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An up-and-coming pool player plays a long-time champion in a single high-stakes match.
For more about The Hustler and the The Hustler Blu-ray release, see the The Hustler Blu-ray Review published by Jeffrey Kauffman on May 13, 2011 where this Blu-ray release scored 4.5 out of 5.
Director: Robert Rossen
Writers: Sidney Carroll, Robert Rossen, Walter Tevis
Starring: Paul Newman, Jackie Gleason, Piper Laurie, George C. Scott, Myron McCormick, Murray Hamilton
» See full cast & crew
The Hustler Blu-ray Review
Hustle and get this release.
Reviewed by Jeffrey Kauffman, May 13, 2011
When Paul Newman died in 2008, he was such a cultural icon that it was hard to remember there was a time when he was just another actor. While Newman slowly but surely cemented his status as a leading man on the rise with a number of films throughout the 1950s and 1960s, and while several of his early films were immensely popular, he probably didn't erupt into true superstardom until circa 1967-69, with such films as Cool Hand Luke and Butch Cassidy and the Sundance Kid. From that time on, of course, he became a commodity of sorts, an actor who regularly not only received high praise for his work, but maintained an incredible popularity with the movie going public. Newman grew into a directing career and then of course really became a commodity with his brand of food items which are still sold today, with profits going to charities. How many actors can you list whose names are synonymous with popcorn and marinara sauce? But in 1961, when Robert Rossen's The Hustler came out, Newman was just one of several handsome young leading men who were still staking out their careers. Newman had made an impression in several films by that time, both for good (Cat on a Hot Tin Roof, Exodus) and ill (The Silver Chalice). But probably no one was prepared for the depth and nuance he brought to his role as Fast Eddie Felson, a conniving pool shark on the make to prove himself the best at his stock in trade. Rossen, a fascinating writer-director who was one of the few left-leaning artists to survive the House Unamerican Activities inquisition, brought a dark and frankly depressing ambience to this film, one of the most morally decrepit and troubling movies of its era. But perhaps Rossen's most amazing achievement is how he peeled back layers of s the inherently sunny Newman demeanor to let it become imbued with a streak of sinister contempt, even outright viciousness, an approach that colored this film in unexpected ways and helped to cement its reputation as a modern classic.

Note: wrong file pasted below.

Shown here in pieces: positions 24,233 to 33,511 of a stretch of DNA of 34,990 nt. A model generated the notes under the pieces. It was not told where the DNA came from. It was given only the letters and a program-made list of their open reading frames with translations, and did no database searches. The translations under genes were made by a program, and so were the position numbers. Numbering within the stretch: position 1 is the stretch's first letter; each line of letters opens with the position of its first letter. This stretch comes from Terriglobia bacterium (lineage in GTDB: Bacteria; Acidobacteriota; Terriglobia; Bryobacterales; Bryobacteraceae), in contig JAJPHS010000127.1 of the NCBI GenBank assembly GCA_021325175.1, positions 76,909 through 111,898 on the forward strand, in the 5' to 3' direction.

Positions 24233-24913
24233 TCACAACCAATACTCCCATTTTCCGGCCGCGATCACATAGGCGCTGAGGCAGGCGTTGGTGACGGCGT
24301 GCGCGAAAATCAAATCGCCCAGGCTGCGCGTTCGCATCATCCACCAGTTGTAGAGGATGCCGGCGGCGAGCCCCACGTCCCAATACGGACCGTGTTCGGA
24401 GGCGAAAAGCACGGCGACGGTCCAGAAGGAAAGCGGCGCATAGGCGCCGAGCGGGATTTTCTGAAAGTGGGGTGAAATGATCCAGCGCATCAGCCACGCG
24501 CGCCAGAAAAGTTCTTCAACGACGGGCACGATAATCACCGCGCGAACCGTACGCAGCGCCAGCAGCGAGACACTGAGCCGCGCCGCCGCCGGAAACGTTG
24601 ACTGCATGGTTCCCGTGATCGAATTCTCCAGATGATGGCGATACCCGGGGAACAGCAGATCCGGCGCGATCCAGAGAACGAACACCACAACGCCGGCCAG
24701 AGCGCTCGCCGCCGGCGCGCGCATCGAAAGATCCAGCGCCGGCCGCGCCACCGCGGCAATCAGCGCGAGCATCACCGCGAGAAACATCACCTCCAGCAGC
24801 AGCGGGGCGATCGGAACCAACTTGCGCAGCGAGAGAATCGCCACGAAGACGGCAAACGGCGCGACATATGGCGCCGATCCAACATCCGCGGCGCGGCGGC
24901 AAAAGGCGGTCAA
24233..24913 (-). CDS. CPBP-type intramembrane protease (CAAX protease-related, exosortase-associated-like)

Paul Newman won the only Academy Award of his long and prestigious career (other than his honorary Jean Hersholt Award) for playing Fast Eddie Felson, but not for The Hustler. In one of the most brilliant pieces of trans-generational casting ever, Martin Scorsese utilized Newman as an older Fast Eddie in The Color of Money, where Newman was now the old pro and Tom Cruise the brash young wannabe whom Newman himself had been in the 1961 Rossen outing. While the 1986 Fast Eddie is perhaps at least a little kinder and gentler, and certainly more weathered and wise, than the young Fast Eddie is, it's absolutely fascinating (and instructive) to watch Newman's takes on this character from two radically different vantage points. While Newman was rightfully nominated for Best Actor for The Hustler (only his second nomination, after Cat on a Hot Tin Roof), it's interesting to note that his actual statuette came for the only time in Academy history where an actor was recreating a role from an earlier film for which he had also been nominated.
The Hustler's plot is both fairly basic while at the same time being filled with nuance, at least in terms of small revelatory moments with regard to all of the major characters. The basic outline of the plot is simply who's hustling whom, as Fast Eddie, ever on the make and party to his own hubristic ambitions, decides the way to make his reputation is by dethroning the reigning pool hall king, Minnesota Fats (Jackie Gleason in an absolutely amazing, Oscar nominated performance). Fast Eddie is avaricious, desperate and not completely the master of his own roiling emotions, while Minnesota Fats is the slightly dilapidated but ostensibly wiser graybeard who sees Fast Eddie for what he is, and recognizes Fast Eddie's con for what it is. Playing out against this central duel of sorts, is an unsettling love story between Fast Eddie and a partially crippled woman named Sarah (Piper Laurie in her Oscar nominated performance), as well as a sidebar subplot involving Minnesota Fats' manager, a gambling addicted schmoozer named Bert (George C. Scott in, yes, his Oscar nominated performance). (A lot of people remember Scott refusing his Oscar for Patton in 1970, but fewer people remember he actually refused his nomination for The Hustler).